I hear you Mimi. Its tough. I started out with LCIS on my first biopsy and excision in 2005. I've lost count how many biopsies I've had. Maybe 5 sets of (imaging,then biopsy, then excision)? I've had LCIS, ALH, DH (not ADH). I'm currently waiting on the results on another MRI breast biopsy.

Prophylactic mastectomy is obviously a very personal choice. How much do your breasts mean to you? Have you witnessed someone who has had breast cancer? Died of breast cancer? Had a mastectomy/mastectomies? Normally, I work just out of my head, going with just the statistics for my case. Unfortunately, we just don't know what your chances are of getting breast cancer. As I'm sure you know, some people who have PMs have regrets. Others have a great time (well, as great as it can be), and others not so much. We don't know what our experience will be.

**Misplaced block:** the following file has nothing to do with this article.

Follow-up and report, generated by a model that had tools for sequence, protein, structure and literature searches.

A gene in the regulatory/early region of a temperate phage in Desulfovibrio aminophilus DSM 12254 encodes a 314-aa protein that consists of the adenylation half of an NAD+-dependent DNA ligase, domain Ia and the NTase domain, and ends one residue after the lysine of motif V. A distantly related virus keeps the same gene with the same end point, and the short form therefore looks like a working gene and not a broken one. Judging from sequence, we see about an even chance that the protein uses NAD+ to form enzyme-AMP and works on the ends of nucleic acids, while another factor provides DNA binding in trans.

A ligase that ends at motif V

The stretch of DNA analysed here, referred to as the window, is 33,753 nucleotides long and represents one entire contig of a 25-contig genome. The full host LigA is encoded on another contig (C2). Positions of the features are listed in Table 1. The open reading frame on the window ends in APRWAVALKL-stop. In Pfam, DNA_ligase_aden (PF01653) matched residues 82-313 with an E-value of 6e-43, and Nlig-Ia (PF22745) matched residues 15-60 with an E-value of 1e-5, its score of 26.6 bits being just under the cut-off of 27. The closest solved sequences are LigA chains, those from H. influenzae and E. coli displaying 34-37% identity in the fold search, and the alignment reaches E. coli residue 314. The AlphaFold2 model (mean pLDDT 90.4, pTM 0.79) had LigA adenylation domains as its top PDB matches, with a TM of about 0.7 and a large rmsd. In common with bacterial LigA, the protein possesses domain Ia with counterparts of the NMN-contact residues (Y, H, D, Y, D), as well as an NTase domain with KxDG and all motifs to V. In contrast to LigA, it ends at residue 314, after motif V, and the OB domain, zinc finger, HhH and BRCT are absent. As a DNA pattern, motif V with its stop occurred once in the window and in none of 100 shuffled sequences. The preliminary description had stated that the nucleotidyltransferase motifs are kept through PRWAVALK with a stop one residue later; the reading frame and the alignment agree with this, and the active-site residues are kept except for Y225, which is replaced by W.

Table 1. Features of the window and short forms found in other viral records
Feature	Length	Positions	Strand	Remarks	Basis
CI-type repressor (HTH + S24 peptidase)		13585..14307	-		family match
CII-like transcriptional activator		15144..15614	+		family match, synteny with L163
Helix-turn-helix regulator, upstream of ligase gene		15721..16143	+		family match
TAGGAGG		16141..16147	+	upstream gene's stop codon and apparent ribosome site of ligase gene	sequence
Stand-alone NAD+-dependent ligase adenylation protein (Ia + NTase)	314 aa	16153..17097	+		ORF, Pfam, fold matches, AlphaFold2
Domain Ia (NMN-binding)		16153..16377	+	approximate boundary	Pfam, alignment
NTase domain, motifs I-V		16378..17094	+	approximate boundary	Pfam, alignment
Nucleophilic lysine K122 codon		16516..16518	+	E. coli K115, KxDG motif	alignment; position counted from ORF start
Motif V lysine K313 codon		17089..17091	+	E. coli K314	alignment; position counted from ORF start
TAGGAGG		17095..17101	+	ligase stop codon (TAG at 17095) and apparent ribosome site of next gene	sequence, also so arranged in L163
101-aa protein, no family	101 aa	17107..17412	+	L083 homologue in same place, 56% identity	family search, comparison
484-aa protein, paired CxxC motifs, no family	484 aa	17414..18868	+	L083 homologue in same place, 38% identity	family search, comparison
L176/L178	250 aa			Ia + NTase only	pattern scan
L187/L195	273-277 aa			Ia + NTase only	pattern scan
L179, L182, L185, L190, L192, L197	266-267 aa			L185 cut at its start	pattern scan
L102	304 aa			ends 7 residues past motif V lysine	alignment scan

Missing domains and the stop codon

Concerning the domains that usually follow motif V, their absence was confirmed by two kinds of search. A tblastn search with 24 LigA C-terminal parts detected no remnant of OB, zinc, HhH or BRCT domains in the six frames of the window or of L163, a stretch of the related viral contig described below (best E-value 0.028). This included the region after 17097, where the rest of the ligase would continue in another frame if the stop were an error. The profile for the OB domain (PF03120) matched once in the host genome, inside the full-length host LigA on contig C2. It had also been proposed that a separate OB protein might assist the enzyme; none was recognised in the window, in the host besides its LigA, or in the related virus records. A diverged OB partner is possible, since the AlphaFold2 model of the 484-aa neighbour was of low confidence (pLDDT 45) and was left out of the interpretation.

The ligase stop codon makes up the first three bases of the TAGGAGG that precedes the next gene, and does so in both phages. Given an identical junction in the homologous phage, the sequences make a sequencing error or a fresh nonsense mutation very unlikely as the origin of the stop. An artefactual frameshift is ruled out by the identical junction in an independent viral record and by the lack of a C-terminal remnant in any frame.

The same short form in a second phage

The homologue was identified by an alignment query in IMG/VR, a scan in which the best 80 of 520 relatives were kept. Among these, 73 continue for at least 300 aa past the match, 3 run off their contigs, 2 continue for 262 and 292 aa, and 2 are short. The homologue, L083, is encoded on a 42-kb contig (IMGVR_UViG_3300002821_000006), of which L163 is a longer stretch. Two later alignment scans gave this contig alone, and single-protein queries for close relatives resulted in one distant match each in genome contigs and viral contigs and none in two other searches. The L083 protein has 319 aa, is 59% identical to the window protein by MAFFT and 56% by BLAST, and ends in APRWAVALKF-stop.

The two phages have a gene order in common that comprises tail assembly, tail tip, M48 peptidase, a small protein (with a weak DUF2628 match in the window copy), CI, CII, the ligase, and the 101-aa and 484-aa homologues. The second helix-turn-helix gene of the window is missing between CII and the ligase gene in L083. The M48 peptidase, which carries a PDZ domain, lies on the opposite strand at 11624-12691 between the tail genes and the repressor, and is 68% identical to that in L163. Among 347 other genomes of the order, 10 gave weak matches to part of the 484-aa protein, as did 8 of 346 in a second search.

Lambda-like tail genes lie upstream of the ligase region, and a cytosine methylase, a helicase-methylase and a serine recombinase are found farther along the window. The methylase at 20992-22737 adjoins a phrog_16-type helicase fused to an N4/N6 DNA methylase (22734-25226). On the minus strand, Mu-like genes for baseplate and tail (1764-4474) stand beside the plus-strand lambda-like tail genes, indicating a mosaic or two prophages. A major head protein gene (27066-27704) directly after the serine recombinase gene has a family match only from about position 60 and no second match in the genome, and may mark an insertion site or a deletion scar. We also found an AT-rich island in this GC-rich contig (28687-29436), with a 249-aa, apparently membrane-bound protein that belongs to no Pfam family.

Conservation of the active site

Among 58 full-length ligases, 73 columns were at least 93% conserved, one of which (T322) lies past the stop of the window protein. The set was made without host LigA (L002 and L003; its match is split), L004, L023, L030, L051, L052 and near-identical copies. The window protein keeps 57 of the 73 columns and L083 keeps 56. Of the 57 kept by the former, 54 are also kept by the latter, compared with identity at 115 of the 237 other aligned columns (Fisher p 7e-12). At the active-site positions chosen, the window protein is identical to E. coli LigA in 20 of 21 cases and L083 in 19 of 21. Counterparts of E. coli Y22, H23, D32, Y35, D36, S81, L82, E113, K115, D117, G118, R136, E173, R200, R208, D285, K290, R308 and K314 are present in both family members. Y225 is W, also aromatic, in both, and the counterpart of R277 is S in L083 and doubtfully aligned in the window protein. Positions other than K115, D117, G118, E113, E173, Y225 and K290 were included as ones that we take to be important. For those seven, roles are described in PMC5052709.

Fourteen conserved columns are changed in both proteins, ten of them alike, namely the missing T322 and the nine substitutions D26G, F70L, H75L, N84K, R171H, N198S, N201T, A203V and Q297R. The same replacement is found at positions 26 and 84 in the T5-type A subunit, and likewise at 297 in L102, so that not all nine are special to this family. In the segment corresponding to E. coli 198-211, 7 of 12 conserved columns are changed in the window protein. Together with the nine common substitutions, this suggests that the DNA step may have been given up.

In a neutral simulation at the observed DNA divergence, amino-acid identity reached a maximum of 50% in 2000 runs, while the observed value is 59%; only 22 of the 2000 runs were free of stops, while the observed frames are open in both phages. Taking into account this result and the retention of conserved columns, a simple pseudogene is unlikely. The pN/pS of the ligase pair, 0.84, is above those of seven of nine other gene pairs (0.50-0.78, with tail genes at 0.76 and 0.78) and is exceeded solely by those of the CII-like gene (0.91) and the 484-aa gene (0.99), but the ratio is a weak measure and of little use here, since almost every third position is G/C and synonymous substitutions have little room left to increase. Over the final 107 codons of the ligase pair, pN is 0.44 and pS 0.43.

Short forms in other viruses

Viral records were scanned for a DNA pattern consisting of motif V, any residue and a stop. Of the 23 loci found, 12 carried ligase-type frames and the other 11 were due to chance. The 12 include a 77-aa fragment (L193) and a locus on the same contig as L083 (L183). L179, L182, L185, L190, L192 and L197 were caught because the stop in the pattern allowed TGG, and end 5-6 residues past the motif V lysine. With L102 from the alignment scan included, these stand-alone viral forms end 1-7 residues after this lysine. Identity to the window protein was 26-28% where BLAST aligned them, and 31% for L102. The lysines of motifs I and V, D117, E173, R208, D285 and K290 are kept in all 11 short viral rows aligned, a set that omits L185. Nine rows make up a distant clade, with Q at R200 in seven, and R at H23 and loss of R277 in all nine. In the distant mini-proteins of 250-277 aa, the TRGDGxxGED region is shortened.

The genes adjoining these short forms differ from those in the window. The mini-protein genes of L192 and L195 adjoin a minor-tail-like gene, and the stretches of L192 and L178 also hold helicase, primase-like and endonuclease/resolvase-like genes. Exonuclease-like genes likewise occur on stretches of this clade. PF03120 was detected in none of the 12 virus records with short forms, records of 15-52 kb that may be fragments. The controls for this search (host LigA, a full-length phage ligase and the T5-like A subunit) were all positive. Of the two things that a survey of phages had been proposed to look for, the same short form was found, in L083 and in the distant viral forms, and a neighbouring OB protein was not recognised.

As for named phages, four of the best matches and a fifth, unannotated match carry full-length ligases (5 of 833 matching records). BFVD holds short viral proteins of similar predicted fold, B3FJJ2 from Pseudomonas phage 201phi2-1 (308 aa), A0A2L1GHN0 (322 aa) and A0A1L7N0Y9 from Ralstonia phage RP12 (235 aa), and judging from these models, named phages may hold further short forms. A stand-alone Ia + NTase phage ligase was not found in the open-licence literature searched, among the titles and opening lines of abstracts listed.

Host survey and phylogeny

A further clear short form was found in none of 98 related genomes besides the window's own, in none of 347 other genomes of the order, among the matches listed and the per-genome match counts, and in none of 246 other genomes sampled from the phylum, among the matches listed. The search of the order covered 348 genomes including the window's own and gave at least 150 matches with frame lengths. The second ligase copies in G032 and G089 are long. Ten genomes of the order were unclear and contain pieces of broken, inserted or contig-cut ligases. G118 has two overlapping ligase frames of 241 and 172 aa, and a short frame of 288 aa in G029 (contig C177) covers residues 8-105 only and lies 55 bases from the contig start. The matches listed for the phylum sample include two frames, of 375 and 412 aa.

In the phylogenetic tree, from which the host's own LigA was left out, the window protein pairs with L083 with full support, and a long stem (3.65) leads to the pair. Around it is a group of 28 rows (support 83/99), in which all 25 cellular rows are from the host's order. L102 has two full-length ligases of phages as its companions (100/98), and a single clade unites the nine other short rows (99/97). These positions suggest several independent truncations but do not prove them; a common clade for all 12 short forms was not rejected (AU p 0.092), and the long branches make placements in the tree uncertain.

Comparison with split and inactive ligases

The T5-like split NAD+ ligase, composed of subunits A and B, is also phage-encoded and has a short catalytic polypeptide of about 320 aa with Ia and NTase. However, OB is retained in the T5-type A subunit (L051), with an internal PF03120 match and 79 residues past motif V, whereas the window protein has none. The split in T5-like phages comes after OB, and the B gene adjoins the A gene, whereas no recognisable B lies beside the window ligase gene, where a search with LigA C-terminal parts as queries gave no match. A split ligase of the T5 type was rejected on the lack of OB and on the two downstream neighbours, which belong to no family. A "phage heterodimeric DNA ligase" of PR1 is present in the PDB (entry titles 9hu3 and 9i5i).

For me, I think the worst was discovering how little they really know. I really, really hate being given 'misleading' (or false) information. It was only on my ~5th doctor visit, that my GP said 'we don't know', about 2 years after my first LCIS diagnosis. I'd rather be told the truth (We Don't Know) than to be told 'Your cancer is gone' by my oncologist (when I never had cancer to begin with, why wouldn't my oncologist realize that? Is that what she tells her invasive breast cancer patients after they had a lumpectomy?) or 'Your lifetime risk is between 10% and 60%, probably closer to 10%, but you'll have to go to the literature for better numbers.' Well, I had. I'd rather be told 'We don't know and this is why we don't know.'

Many people go to the worst case scenario. That's a protection mechanism.

After so many biopsies, no matter what my chances are of getting invasive breast cancer in the future, when will it be cheaper for insurance companies to OK prophylactic mastectomies rather than going through so many biopsies? (That's assuming I will still have health insurance.) Of course, they certainly won't do one if I don't want one, but its a hard choice.